Arts policy plays role in election

Arts policy plays role in election

The election cycle brought an increased number of opportunities for candidates to share their vision, accomplishment, priorities, and platforms.  This year for the first time, voters had the chance to hear from candidates and their arts and culture platform.

Given the platforms and the outcomes of the election, one could construe perhaps a close correlation.  Candidates that responded and reflecting the active contribution of arts and culture to our community’s fabric triumphed at the ballot box.
Indeed, there are numerous priorities the people’s governments need to address or balance.  It does well, however, to recognize the full value of arts and culture as a good investment, an economic driver contributing to better education, workforce, health, and a more exceptional quality of life, among other benefits.  Few industries, if any, can tout the same.
It is refreshing to see a seismic shift in the City of Savannah’s representation, and the future looks bright.
We will soon complete the election cycle and enter the new year with new leadership.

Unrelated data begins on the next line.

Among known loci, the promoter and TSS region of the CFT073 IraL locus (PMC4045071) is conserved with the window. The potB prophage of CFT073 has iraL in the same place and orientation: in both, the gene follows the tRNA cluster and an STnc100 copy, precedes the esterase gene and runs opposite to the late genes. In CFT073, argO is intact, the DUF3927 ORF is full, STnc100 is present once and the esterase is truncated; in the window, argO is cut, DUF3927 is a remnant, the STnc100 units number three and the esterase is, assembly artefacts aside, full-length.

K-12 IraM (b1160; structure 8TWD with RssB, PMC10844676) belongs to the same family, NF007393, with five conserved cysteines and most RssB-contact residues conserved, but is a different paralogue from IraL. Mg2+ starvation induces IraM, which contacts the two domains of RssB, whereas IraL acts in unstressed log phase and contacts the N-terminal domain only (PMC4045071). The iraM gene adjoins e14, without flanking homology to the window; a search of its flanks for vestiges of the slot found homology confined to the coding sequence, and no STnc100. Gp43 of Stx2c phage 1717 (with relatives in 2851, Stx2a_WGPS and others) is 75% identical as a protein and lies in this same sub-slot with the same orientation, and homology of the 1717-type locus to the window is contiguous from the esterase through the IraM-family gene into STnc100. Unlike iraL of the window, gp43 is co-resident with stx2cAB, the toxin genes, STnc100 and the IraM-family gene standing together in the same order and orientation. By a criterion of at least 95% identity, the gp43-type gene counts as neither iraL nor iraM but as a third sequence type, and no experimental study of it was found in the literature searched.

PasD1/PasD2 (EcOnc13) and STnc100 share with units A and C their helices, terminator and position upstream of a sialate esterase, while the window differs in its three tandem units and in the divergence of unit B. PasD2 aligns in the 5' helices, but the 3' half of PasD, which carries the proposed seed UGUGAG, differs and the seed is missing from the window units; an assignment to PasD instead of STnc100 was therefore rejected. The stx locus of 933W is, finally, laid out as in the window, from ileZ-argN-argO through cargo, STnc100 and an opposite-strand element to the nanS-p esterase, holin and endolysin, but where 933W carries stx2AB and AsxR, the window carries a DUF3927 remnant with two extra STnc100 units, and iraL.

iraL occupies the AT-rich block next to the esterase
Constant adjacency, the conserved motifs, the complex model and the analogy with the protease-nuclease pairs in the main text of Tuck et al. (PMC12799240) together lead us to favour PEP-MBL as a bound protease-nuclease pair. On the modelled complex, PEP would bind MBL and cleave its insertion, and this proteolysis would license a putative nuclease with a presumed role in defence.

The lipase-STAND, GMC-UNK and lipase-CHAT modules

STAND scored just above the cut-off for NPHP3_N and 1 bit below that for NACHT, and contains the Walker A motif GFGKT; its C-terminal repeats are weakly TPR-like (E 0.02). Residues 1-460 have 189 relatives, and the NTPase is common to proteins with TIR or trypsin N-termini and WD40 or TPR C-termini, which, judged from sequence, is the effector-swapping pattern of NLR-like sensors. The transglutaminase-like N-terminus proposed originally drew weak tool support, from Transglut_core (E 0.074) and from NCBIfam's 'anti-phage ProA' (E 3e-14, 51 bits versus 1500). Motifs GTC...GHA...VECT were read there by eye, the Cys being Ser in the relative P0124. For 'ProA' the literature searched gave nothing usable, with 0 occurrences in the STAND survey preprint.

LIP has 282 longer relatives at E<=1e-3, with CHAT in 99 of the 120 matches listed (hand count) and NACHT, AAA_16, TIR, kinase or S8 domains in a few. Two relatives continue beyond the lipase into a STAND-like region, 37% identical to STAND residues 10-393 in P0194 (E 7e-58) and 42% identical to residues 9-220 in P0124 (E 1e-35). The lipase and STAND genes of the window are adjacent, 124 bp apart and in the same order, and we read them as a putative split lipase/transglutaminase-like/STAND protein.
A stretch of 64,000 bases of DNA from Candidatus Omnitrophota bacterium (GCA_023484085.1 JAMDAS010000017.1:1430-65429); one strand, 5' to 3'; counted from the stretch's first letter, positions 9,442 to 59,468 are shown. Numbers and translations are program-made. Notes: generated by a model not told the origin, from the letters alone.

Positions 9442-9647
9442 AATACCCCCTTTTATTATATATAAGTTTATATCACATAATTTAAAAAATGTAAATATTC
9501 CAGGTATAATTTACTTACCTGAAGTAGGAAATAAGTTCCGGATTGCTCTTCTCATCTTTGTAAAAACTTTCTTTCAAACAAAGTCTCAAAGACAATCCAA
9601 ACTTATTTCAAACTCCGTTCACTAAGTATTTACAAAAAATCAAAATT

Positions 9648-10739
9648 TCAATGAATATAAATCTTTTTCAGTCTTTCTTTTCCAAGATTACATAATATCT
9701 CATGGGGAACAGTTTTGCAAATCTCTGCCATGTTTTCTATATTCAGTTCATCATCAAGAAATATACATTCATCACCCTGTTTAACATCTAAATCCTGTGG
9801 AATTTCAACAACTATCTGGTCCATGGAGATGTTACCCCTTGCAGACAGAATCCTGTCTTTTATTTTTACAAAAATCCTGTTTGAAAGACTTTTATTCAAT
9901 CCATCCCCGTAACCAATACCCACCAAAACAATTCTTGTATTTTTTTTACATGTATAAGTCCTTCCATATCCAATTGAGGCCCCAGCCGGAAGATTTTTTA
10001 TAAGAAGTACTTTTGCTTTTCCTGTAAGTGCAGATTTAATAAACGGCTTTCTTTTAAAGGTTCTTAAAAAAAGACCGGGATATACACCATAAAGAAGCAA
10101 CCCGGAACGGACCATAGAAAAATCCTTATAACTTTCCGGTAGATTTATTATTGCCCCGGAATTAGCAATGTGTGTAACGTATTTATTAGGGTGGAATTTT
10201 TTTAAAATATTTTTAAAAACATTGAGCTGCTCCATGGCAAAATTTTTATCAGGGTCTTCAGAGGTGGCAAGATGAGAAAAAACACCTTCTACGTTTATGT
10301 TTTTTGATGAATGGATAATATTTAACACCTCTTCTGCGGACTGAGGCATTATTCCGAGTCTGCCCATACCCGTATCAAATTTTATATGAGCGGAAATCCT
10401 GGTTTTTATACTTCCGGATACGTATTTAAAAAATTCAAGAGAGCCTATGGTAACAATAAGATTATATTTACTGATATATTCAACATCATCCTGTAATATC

It is, however, nearly too late for the 2020 budget with the current Council, where the cultural investment funds will probably stay the same as 2018 (and 2017) with a zero percent increase.
Still, hopefully, the new City Council will take more significant action to provide for more available and accessible funding as well as a better overall pro-arts and culture public policy positioning.
Next up is the election of Chatham County Commissioners.  It is time they take action to actively support arts and culture.  There is significant room for improvement in nearly every district, including the chairmanship’s public policy position on arts and culture within the county.
Patrick A. Kelsey
Executive Director

Arts and Culture Council of Chatham County

Published in the Savannah Morning News on November 24, 2019